On 12 August the Chief Minister of Manipur announced the partial withdrawal of the AFSPA from seven constituencies in Manipur. On 21 August the Assam Rifles forced at gunpoints the villagers of Saparmeina and Kangpokpi areas to hold a mass rally in support of AFSPA. The people suspect all such attempts by the state and the armed forces as divisive ploys to weaken the unity and the protest movement. People intensified their protest against AFSPA through carrying out three courses of movements simultaneously: Leingak Wayel Saruk Yaadaba Khongjang (non-cooperation), demanding the members of the legislatures and government employees to quit from their respective posts; mipal tangdaba khongjang (self-reliance movement), boycotting use and sale of Indian made goods in Manipur and; Wakat Khongjang (protest movement) condemning the Act, passing resolutions, staging rallies, fighting with security personnel and so on. On 15th August, Indian Independence day, several protestors burnt Indian tricolour flags, formed human chains and fought pitched battles against security personnel in several parts of Manipur. Mr Pebam Chitranjan Singh (32) carried out the most extreme form of protest of self-immolation by setting himself on fire till death. As the peoples’ movement got heightened the government resorted to launching a combing operation, arresting several persons, torturing protestors, booking several leaders under National Security Act and locking them up in the jails. The state government has put restrictions on local cable networks and totally prohibited them from broadcasting local news. The movement continued.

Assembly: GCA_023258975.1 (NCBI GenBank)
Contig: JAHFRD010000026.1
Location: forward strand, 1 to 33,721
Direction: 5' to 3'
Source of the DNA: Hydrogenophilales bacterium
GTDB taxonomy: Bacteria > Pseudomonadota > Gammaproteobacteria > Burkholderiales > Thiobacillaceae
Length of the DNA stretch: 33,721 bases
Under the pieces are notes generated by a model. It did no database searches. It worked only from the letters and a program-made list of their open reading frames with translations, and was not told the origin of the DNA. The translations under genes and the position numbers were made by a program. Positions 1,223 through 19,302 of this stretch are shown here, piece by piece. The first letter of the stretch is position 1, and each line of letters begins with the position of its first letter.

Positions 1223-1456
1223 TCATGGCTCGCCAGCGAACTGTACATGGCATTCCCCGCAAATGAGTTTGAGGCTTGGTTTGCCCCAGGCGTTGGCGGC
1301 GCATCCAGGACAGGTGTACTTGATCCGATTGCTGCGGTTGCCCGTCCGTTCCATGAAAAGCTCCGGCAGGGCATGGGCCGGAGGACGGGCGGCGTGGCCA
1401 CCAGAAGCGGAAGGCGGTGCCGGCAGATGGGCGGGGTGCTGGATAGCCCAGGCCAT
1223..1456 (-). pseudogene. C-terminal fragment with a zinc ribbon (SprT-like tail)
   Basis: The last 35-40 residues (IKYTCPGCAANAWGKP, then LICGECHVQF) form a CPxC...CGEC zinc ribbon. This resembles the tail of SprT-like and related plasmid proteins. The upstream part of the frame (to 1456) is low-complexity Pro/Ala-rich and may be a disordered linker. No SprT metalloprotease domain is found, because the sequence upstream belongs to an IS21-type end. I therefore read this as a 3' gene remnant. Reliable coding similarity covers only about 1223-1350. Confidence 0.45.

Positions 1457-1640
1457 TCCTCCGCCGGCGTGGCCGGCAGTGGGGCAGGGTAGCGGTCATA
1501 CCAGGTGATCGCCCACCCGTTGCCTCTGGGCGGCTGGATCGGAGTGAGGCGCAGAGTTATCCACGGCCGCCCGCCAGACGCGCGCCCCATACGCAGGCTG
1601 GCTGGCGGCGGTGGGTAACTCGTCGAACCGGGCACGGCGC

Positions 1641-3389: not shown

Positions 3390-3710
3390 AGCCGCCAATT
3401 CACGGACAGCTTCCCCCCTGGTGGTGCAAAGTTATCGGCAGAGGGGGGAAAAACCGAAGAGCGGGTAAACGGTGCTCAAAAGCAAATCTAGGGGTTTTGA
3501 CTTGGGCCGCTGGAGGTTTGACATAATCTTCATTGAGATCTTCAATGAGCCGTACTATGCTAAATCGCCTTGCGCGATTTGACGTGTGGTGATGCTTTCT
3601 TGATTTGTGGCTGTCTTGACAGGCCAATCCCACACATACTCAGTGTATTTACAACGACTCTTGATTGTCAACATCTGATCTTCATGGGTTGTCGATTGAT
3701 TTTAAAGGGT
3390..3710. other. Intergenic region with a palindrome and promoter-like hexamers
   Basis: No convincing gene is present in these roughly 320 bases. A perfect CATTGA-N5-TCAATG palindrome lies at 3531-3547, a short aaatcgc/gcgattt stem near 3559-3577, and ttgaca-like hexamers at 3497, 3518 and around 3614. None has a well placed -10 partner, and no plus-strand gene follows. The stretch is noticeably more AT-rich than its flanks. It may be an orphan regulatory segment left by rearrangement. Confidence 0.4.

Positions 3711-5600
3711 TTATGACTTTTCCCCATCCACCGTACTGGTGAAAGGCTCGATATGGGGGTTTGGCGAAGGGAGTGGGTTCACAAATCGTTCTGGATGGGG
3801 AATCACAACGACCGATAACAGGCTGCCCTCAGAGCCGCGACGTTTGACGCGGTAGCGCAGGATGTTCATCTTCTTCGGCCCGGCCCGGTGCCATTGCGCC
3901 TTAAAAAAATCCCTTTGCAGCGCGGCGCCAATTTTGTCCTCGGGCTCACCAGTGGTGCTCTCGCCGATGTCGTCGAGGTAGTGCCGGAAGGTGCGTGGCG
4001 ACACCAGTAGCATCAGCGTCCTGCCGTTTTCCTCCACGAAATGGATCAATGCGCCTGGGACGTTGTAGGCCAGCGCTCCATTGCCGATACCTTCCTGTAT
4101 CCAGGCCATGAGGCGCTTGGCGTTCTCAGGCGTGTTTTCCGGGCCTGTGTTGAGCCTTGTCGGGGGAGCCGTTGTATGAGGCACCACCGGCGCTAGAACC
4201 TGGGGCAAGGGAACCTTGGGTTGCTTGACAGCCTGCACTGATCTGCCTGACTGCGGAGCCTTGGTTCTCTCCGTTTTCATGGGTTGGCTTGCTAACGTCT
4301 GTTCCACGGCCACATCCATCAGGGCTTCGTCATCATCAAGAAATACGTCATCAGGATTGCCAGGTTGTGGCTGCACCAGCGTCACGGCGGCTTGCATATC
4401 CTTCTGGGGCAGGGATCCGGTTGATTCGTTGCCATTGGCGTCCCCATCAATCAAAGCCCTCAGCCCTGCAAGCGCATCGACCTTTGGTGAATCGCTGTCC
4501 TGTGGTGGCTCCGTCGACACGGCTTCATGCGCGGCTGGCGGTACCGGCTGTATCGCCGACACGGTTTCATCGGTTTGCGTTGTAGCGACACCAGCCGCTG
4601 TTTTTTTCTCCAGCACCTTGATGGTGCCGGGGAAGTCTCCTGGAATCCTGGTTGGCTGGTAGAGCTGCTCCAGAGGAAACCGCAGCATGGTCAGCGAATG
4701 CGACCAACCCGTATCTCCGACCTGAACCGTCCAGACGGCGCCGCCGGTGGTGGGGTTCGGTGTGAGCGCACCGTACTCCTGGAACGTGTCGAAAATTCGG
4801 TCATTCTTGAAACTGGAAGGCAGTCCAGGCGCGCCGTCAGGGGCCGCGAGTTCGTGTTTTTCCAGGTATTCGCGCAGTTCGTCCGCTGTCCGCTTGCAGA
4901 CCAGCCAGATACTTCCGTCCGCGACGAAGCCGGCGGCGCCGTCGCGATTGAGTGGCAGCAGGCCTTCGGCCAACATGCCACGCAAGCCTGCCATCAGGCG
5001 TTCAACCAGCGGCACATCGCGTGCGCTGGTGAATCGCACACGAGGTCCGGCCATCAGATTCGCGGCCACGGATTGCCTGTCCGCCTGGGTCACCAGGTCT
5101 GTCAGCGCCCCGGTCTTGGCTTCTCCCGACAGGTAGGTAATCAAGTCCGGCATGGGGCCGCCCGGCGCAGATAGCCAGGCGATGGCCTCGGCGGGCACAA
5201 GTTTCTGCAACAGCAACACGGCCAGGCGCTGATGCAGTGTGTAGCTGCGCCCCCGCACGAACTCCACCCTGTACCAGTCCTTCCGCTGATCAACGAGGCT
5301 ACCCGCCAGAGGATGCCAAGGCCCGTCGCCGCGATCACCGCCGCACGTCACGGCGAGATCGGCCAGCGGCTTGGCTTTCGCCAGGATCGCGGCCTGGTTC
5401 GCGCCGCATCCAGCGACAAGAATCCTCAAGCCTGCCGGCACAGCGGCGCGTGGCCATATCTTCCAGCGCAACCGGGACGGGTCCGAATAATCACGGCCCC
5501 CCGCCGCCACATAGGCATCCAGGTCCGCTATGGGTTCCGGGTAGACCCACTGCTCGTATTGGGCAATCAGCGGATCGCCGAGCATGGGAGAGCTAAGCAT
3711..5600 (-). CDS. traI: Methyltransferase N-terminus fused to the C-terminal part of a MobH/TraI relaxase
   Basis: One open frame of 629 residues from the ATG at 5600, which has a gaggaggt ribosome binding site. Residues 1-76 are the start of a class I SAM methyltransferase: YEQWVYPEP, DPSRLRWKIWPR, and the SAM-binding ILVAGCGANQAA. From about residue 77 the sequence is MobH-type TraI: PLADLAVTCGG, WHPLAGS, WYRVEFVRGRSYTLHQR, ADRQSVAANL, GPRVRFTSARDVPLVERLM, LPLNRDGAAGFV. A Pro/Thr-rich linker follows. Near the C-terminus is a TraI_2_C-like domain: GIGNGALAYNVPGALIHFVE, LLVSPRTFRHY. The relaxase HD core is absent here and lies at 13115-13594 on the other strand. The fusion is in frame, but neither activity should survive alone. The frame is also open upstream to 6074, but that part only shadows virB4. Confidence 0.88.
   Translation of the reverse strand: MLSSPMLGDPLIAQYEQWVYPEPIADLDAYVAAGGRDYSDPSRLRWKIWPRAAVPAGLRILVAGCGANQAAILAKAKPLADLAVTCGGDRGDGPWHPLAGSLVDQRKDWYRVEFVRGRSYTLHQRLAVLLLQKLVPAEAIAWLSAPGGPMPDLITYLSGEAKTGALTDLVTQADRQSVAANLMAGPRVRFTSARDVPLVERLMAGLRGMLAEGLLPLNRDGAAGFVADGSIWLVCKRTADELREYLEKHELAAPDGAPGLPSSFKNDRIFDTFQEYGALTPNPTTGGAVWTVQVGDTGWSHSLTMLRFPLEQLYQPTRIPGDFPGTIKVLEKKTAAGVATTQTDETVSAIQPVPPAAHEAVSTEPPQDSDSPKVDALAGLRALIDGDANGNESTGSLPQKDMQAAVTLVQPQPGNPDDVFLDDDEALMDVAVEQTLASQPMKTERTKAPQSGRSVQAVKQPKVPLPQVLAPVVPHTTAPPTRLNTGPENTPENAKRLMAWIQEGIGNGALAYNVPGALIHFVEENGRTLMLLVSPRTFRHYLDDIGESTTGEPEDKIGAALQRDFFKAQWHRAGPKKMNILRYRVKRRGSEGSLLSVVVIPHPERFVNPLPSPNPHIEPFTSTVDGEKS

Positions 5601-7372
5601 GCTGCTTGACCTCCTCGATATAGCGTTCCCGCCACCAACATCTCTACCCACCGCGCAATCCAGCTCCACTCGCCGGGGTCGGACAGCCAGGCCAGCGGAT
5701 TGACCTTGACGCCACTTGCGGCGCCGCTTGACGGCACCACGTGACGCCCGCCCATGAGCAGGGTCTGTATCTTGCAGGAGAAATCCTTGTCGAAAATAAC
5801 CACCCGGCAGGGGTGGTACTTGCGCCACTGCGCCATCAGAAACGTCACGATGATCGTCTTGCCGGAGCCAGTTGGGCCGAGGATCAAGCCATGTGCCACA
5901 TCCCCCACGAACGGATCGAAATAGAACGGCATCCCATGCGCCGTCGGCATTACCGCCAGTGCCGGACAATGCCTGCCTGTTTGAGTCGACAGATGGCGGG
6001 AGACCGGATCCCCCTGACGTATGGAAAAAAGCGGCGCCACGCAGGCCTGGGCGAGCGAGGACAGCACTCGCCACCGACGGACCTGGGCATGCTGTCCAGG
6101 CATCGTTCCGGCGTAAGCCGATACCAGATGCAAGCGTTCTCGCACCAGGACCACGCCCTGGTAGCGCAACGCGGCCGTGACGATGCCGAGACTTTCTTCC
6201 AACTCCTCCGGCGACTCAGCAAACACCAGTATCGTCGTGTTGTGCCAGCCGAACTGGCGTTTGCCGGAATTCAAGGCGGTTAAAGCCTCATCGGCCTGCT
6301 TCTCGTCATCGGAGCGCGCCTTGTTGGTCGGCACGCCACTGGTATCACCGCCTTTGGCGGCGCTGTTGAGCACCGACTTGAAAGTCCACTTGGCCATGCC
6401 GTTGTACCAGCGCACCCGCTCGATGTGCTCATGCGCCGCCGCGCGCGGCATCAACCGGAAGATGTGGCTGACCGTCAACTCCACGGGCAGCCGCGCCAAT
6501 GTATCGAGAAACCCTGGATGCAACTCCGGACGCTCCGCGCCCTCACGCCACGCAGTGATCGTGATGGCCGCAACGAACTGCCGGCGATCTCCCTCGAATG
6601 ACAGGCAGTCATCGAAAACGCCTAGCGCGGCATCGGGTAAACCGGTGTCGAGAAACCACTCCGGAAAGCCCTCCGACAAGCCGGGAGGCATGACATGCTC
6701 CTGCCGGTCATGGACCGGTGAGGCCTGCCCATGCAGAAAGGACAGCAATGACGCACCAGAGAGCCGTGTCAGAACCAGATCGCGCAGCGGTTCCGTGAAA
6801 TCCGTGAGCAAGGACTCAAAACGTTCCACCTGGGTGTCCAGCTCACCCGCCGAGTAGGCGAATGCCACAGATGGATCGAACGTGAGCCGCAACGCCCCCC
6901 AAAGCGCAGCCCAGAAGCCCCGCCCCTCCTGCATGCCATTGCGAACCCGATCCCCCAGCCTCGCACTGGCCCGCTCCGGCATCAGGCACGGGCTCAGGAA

The killing of Manorama has sparked off the protest movement demanding the repeal of the Armed Forces Special Powers Act (1958) from Manipur. The nature of the protest movement, the demands of the protestors and the way the state uses all brutal means to suppress it reflect the perennial state of governance by the Indian state in Manipur. In fact, the people of Manipur are facing a lot of economic hardships despite the rich natural and human resources favoured by a good climate. They are reeling under economic hardship to the extent that the state could not regularly pay salary to its employees for the last couple of years. Underdevelopment and hence lack of employment opportunities in a virtually captive-market economy has caused a vicious cycle of economic impoverishment and crisis. Rather than any efforts to solve the crisis the Government has undertaken extreme measures such as ‘militarisation’ and ‘terror tactics’ to stifle the voice of the people by curtailing the democratic right to protest, the demand for economic growth, political stability and justice. A large number of Indian armed forces are deployed against the civilians while basic infrastructures in health, education and communications are lacking. Historical sites, ritual places, playgrounds, grazing areas, and even schools are converted into army barracks. The recent military occupation of the Molphei and surrounding villages and the conversion of Sugnu High School into army barracks are glaring examples of this. In fact, Manipuris are suffering from ‘undeclared war’.